The US derivatives watchdog said on Wednesday that it has filed charges against privately held My Big Coin Pay, the corporate parent of the online cryptocurrency payment platform and virtual wallet website MyBigCoin.com.
Last week, the CFTC filed federal charges for fraud and misappropriation against three separate digital coin operators, alleging that they had defrauded customers and broken other commodity trading rules.
Specifically, the CFTC charged New York resident Randall Crater, Mark Gillespie of Michigan and their company with misappropriating money from customers they had solicited for providing virtual-currency trading and other services.
In a criminal complaint filed in Massachusetts district court, the CFTC describes how My Big Coin sold digital tokens known as ‘MBC’ as part of a purported ICO that allows investors to enjoy a lavish lifestyle, including travel, entertainment, jewelry purchases and “much more across the world.”
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The agency also obtained an emergency asset order, citing the movements of the ICO funds into different accounts.
The CFTC alleges that between approximately January 2014 and January 2018, the defendants and the Las Vegas-based corporation fraudulently solicited more than $6 million from swindled investors.
The agency alleged that the MBC website made false statements to prospective investors, as well as purposefully misrepresenting that the token was backed by gold, partnered with MasterCard, when in fact it was not.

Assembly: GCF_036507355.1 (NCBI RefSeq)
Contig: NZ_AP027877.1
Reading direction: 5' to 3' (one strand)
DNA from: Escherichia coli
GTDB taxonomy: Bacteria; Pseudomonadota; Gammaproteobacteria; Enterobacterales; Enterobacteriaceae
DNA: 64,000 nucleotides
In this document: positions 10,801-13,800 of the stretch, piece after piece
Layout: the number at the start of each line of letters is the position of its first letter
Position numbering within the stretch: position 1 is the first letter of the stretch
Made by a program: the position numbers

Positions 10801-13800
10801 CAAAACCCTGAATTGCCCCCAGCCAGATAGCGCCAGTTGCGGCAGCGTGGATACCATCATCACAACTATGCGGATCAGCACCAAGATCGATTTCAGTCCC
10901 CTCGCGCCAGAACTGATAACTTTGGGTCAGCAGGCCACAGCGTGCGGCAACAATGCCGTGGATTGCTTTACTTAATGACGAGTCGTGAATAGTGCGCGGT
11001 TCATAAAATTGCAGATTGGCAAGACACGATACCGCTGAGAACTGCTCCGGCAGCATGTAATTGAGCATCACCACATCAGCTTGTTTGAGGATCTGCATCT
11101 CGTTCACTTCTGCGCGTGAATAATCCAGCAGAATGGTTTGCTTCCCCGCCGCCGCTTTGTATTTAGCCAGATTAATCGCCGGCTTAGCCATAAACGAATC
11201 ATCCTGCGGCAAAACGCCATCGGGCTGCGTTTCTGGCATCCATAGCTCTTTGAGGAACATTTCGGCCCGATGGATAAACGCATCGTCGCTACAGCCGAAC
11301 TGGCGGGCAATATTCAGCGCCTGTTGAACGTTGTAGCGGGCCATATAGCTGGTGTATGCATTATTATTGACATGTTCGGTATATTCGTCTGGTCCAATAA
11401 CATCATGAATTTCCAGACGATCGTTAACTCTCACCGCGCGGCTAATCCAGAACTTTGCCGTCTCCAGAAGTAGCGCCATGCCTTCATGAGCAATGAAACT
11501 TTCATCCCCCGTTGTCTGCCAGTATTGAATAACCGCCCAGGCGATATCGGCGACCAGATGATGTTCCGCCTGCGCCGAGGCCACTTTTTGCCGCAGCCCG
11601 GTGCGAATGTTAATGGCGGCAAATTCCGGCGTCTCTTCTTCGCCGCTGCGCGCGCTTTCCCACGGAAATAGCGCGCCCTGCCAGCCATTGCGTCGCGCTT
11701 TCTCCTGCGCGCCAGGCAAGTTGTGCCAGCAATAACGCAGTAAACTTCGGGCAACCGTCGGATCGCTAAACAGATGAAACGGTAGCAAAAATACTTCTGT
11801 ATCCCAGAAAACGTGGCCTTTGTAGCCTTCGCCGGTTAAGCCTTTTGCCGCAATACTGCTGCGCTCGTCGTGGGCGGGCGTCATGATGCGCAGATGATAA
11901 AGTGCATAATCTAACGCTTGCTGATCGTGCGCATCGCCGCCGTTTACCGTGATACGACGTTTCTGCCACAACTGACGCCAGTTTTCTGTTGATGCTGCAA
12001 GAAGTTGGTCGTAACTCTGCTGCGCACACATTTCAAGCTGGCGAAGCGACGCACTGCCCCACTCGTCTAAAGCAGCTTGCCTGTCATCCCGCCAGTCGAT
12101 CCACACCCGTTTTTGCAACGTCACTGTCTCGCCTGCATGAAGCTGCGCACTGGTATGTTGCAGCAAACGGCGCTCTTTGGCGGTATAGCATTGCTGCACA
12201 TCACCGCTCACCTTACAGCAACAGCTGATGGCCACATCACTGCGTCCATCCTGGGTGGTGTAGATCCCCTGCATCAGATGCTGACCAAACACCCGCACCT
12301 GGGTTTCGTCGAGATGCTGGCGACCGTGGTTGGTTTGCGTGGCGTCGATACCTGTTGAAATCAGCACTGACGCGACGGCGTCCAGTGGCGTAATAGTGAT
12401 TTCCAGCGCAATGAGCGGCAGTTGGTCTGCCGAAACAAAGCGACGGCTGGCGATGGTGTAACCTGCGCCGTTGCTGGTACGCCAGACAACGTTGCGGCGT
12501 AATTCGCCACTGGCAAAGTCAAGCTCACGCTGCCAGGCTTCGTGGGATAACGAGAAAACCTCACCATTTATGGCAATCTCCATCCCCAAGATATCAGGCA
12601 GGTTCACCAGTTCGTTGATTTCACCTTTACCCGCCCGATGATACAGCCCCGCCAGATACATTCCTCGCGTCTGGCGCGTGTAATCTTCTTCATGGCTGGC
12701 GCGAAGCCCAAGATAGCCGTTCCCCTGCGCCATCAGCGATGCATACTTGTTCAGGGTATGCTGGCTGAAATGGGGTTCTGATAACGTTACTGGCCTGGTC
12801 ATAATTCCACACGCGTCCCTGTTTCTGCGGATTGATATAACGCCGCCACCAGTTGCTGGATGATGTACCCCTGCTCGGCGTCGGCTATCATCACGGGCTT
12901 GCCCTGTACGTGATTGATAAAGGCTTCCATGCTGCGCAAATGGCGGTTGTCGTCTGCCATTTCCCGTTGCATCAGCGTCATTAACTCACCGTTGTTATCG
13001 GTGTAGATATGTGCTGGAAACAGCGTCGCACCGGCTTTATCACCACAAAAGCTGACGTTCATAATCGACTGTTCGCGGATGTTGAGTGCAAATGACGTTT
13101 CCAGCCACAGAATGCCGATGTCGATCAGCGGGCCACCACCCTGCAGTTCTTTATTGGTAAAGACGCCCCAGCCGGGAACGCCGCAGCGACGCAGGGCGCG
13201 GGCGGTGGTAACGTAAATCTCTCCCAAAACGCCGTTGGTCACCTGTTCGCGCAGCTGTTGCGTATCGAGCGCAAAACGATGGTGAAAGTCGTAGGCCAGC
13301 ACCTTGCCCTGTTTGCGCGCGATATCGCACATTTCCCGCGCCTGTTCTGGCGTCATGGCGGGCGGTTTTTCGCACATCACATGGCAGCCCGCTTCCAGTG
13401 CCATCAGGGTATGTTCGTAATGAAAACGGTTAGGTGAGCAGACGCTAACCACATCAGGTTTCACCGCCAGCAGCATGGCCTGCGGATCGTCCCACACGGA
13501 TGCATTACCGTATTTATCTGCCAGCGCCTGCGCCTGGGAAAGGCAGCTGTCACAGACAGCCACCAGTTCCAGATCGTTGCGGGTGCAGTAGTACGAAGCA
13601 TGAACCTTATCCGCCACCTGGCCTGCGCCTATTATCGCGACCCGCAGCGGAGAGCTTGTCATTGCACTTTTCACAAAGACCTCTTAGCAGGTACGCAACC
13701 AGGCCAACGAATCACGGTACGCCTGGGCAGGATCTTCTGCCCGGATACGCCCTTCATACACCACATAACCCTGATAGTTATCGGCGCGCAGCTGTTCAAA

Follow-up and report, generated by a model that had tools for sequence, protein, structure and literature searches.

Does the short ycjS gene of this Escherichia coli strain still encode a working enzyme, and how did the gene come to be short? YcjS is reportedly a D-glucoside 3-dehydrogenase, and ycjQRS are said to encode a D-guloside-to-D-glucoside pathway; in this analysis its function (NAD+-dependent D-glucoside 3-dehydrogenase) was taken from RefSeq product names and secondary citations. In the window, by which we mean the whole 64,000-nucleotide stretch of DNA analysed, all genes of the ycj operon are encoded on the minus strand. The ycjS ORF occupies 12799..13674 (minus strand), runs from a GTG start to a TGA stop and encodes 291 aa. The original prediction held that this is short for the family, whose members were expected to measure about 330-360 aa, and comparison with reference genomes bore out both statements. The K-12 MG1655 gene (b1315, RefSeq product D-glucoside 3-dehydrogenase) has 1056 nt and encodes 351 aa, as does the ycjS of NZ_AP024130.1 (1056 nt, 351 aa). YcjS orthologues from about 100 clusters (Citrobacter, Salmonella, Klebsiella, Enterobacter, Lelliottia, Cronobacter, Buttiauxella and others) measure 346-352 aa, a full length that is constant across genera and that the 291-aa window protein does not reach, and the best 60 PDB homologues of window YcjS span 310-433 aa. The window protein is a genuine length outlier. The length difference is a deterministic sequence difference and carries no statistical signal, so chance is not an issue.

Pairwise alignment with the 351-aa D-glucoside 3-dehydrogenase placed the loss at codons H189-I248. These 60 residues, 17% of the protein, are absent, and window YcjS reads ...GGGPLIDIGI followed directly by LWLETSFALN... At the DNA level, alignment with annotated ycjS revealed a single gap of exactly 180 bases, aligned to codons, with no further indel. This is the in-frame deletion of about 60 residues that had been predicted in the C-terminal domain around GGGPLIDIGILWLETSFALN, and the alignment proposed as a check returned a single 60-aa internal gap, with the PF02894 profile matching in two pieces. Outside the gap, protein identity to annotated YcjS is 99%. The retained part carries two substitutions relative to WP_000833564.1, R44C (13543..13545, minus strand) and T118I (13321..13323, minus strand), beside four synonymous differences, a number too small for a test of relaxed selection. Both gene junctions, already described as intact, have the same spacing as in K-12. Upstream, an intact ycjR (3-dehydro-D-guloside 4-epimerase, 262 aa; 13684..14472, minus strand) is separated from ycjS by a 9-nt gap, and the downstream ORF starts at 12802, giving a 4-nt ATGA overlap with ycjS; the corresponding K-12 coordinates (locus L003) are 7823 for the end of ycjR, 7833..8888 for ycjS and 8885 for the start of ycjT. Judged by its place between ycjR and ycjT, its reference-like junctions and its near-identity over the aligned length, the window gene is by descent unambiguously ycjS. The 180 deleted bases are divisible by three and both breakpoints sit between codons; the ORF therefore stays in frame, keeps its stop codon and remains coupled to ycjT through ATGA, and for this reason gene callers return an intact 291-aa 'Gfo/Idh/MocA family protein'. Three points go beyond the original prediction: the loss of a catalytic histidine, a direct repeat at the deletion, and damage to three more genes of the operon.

The fraudsters also represented the MBC token to investors as being used to “to purchase a home, antiques, fine art, jewelry, luxury goods, furniture, interior decorating and other home improvement services, travel, and entertainment.”
Founded in December of 2013, My Big Coin is a virtual currency wallet and platform that allegedly allows merchants and consumers to process transactions with its own digital currency.
Director of Enforcement James McDonald, stated: “As this case shows, the CFTC is actively policing the virtual currency markets and will vigorously enforce the anti-fraud provisions of the Commodity Exchange Act. In addition to harming customers, fraud in connection with virtual currencies inhibits potentially market-enhancing developments in this area. We caution potential virtual currency customers, once again, that they should engage in appropriate diligence before purchasing virtual currencies.”